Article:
2.16 Finally, the Government has recognised the issue raised by respondents regarding how “pre-arranged entitlements” would apply within the exemption. The Government has decided that for there to be no pre-arranged entitlement, there must not be any contractual obligation to the benefit, including through salary sacrifice. An employer having a corporate policy of providing a benefit at certain points in the year, but without a contractual obligation to do so, would not be caught by this definition.
Further consultation will be held on models and the writing of guidance with stakeholders, and the CIPP will look to be involved in this.
HMRC will remove the current practice (very small and minority) of those who allow employees to salary sacrifice expenses.
HMRC will continue to allow employers to have custom scale rates but employers will need to seek approval from HMRC based on random sampling and complete a prescribed form.
Legislation will be laid to allow employers to use this new process from April 2016.
The Government recognises the importance of flexibility for employers, but is also mindful that one of the purposes of putting payrolling on a statutory basis is to provide consistency for both employers and employees. Lack of consistency and transparency for employees creates uncertainty and drives-up queries for employers and HMRC.
2.34 To support flexibility for employers and that “locking-in” to a scheme of payrolling might deter some employers from opting-in, the Government will develop a scheme that is entirely voluntary, so that an employer that has started payrolling can choose to opt-out with effect from the start of a tax year. There are some practical issues should an employer decide to opt-out, such as reinstating benefits in employees’ PAYE tax codes. HMRC will work on these to support employers who may decide to opt-out.
2.35 The Government has considered the responses to the consultation carefully and has decided that as a first step car, car fuel, medical insurance and subscriptions such as gym membership will be included in the scheme. These benefits have a high degree of certainty about their cost at the start of a tax year, so naturally lend themselves to payrolling. They are also the most popular benefits provided to employees by employers. Once payrolling is established, the Government will consider how other benefits can be payrolled.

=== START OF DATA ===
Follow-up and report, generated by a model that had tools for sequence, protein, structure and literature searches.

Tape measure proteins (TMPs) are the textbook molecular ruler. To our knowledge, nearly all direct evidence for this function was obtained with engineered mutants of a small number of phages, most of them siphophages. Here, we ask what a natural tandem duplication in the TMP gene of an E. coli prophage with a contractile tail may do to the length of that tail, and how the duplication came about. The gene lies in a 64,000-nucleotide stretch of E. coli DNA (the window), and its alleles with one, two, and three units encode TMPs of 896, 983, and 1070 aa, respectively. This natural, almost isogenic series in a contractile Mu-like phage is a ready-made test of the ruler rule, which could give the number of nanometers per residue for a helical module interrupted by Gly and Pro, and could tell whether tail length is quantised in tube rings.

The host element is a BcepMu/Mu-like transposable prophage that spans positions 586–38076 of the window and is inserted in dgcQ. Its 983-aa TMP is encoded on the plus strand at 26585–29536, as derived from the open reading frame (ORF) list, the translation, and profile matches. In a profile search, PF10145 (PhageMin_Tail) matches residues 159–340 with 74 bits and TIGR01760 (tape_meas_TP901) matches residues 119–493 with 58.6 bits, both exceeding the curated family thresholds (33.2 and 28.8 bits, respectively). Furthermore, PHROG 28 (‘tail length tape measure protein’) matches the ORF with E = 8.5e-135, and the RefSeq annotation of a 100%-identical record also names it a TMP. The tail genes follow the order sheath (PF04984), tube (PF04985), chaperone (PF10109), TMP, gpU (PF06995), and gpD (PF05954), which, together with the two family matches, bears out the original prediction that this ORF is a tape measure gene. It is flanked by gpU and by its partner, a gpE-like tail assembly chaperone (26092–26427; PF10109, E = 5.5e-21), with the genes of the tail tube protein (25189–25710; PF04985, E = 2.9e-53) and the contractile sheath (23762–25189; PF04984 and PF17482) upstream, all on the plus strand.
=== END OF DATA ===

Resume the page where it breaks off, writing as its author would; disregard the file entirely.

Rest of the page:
2.36 As noted, a voluntary scheme does involve practical issues – for example, adjusting employees’ PAYE tax codes in advance of opting out – that HMRC will continue to work on in advance of payrolling going live.
2.37 There are a number of detailed questions that HMRC will discuss further with stakeholders on the detail of how a scheme will be designed and operate effectively for employers and employees. These include:
· The extent to which in practice some employers would decide to payroll some, but not all, of the benefits proposed for payrolling;
· The extent to which in practice an employer would need to exclude certain employees from payrolling;
· How to avoid confusion for employees where an employer has discretion over the benefits it can choose to payroll and/ or might choose to exclude some employees;
· The payment of Class 1A NICs in real time.